[BLML] The Monty Hall trap

Herman De Wael Hermandw at skynet.be
Tue Dec 14 12:32:39 CET 2010

Nigel is absolutely correct except for one minor quibble:

Nigel Guthrie wrote:
> [Nigel]
> Jerry has pin-pointed a difficulty.
> There are many tactical situations where some players deviate from system. For
> example
> - 3rd in hand openers.
> - 1H (X) bid.
> - 1N over-calls.
> - Interfering with opponent's strong artificial 1C/2C
> - Passing partner's pass/convert response in the the wrong suit.
> - Spurious trial/cue/exclusion bids.
> - "Game-forcing" calls on tram-tickets.
> The problem is that different partnerships have different favourite situations
> and hand-types; and some never "psych" at all.
> Regular "psychs" in a regular partnership aren't true psychs. Even if only
> occasionally used, they are probabilistic conventions.

A good name, which however does not help us any. Since every single 
psyche has a certain frequency (even if partner does not precisely know 
what the correct frequency is, he could be aware of it and so it should 
be made known to opponents), every psyche is a probabilistic convention.

I believe it is better to name probabilistic conventions: psyches.
Then we can make a distinction which Nigel does not yet make: those 
probabilistic conventions that are systemically catered for, and those 
that are not - psyches in other words.

> The disclosure problem is that:
> - Partnerships convince themselves that these are true psychs; hence not
> disclosable.

Partnerships should know better. But this is not a problem.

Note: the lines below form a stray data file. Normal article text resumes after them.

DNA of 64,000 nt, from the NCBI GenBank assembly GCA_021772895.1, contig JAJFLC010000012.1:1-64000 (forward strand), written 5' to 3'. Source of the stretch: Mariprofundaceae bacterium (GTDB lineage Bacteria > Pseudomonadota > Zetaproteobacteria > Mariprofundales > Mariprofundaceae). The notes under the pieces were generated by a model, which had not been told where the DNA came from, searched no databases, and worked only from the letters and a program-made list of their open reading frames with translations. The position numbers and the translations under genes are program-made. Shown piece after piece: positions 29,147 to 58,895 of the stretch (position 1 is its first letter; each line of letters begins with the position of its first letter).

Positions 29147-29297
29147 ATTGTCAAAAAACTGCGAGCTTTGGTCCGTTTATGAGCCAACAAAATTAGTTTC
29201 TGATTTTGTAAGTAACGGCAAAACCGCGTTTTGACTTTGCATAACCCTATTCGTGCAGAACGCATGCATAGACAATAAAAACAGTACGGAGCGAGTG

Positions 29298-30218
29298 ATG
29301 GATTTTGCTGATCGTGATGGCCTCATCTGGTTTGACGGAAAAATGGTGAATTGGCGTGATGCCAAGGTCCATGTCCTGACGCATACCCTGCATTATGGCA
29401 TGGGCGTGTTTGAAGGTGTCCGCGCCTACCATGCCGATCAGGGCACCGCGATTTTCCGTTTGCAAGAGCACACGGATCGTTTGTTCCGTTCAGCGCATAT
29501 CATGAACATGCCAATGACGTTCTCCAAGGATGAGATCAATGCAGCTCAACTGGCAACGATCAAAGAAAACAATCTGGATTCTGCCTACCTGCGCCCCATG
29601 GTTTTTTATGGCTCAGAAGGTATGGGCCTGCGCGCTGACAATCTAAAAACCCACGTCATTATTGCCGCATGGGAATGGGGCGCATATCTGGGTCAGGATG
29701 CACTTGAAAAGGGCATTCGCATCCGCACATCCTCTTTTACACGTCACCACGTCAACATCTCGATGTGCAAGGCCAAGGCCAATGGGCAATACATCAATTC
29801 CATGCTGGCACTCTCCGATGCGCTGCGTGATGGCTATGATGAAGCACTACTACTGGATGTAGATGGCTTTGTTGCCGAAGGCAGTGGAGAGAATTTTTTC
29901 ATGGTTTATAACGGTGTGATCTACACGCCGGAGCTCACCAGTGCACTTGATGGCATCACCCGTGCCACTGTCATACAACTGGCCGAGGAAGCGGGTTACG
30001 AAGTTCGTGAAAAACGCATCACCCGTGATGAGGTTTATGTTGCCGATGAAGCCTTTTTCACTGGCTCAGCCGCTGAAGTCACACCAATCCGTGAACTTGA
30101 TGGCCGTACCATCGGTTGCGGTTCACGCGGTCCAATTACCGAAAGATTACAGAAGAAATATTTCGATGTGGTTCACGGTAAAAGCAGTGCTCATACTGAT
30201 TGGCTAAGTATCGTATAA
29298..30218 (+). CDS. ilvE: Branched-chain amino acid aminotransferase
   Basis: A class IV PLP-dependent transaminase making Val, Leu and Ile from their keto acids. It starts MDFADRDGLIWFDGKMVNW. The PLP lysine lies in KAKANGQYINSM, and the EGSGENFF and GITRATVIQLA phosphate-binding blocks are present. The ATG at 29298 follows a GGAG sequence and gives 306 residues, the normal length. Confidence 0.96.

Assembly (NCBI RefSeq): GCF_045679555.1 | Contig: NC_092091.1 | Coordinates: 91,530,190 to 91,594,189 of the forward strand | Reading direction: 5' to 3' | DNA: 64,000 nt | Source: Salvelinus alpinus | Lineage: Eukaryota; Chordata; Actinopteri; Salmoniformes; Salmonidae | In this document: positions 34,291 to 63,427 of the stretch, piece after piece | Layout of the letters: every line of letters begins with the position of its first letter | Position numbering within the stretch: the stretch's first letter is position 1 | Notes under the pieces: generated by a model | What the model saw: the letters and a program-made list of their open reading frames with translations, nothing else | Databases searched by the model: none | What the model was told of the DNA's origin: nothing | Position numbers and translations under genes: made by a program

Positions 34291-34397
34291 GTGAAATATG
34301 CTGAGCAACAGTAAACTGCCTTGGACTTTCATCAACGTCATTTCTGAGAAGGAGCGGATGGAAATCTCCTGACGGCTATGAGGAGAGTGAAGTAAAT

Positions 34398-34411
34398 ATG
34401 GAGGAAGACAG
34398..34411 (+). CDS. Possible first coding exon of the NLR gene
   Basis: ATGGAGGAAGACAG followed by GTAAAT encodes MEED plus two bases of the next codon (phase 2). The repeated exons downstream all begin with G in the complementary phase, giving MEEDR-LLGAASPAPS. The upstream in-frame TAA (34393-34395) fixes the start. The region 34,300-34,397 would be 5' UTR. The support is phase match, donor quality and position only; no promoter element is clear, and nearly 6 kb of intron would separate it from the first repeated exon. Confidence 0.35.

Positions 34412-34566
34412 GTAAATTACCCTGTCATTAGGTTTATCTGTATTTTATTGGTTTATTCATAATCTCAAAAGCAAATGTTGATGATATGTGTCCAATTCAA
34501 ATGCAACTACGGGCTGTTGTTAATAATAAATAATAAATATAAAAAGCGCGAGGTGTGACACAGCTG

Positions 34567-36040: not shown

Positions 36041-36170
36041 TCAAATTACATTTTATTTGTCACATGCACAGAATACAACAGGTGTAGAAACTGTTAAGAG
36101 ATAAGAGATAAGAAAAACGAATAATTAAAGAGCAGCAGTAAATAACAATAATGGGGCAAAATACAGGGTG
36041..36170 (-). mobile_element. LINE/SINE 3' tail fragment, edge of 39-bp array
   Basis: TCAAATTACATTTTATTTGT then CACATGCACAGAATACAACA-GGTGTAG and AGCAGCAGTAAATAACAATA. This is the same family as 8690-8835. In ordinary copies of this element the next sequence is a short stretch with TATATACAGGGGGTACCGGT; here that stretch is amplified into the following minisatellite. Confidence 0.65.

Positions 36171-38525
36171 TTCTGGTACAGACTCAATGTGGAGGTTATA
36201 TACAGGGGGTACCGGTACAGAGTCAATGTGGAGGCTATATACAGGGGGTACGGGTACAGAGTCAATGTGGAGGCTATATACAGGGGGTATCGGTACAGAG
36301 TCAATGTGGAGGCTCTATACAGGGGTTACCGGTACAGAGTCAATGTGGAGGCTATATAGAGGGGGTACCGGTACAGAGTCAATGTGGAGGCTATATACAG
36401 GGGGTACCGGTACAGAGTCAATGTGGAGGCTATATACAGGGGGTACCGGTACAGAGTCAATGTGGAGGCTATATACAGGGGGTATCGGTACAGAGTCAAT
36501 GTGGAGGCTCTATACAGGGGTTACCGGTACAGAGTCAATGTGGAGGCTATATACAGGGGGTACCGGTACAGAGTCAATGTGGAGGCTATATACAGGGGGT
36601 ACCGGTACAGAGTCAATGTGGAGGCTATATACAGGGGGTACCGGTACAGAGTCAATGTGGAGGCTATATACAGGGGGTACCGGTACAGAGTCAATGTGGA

> - Partnerships defend their personal idiosyncratic "psyching" propensities as
> "general knowledge".

Which sometimes is true.

> - Partnerships feel that they *cannot disclose* these understandings because the
> agreements would be illegal. For instance, there may be strength requirements
> for opening bids; or "Random" bid agreements may be banned; or non-symmetric
> methods may be banned (some partnerships comprise a straight man and a
> comedian).

Which is why these "agreements" should not be illegal.

> Manifestly, undisclosed, such agreements are illegal.

And this is where Nigel, again, makes the common error. The 
non-disclosure does not make the agreement illegal. It merely creates a 
MI situation, which the TD will rectify if the opponents are damaged 
through the non-disclosure.

By continually labelling psyches as "illegal", the average TD (and many 
above average) feels that the psyche, when not disclosed, should be 
changed into a 40% AS. Rather, he should treat the non-disclosed psyche 
as any other MI, and ask himelf (and the opponents) "what would 
opponents have bid if they had been told that this player psyches this 
bid, with this particular hand, about 5% of the time". Most often, they 
would not have acted differently.

> This problem would be mitigated if system-restrictions were scrapped, because
> partnerships would then be more ready to admit to such understandings.

That too is a problem. Most Directors believe that the system regulation 
regarding light openings are very strict: "if you do it, and there is 
even the slightest doubt that you have doe it before, then your 
agreement is a banned one". That cannot be the correct interpretation of 
a piece of system regulation, as that would be tantamount to the 
well-known ACBL rule: "it's OK to psyche, provided you never do it".

Herman De Wael
Wilrijk Antwerpen Belgium

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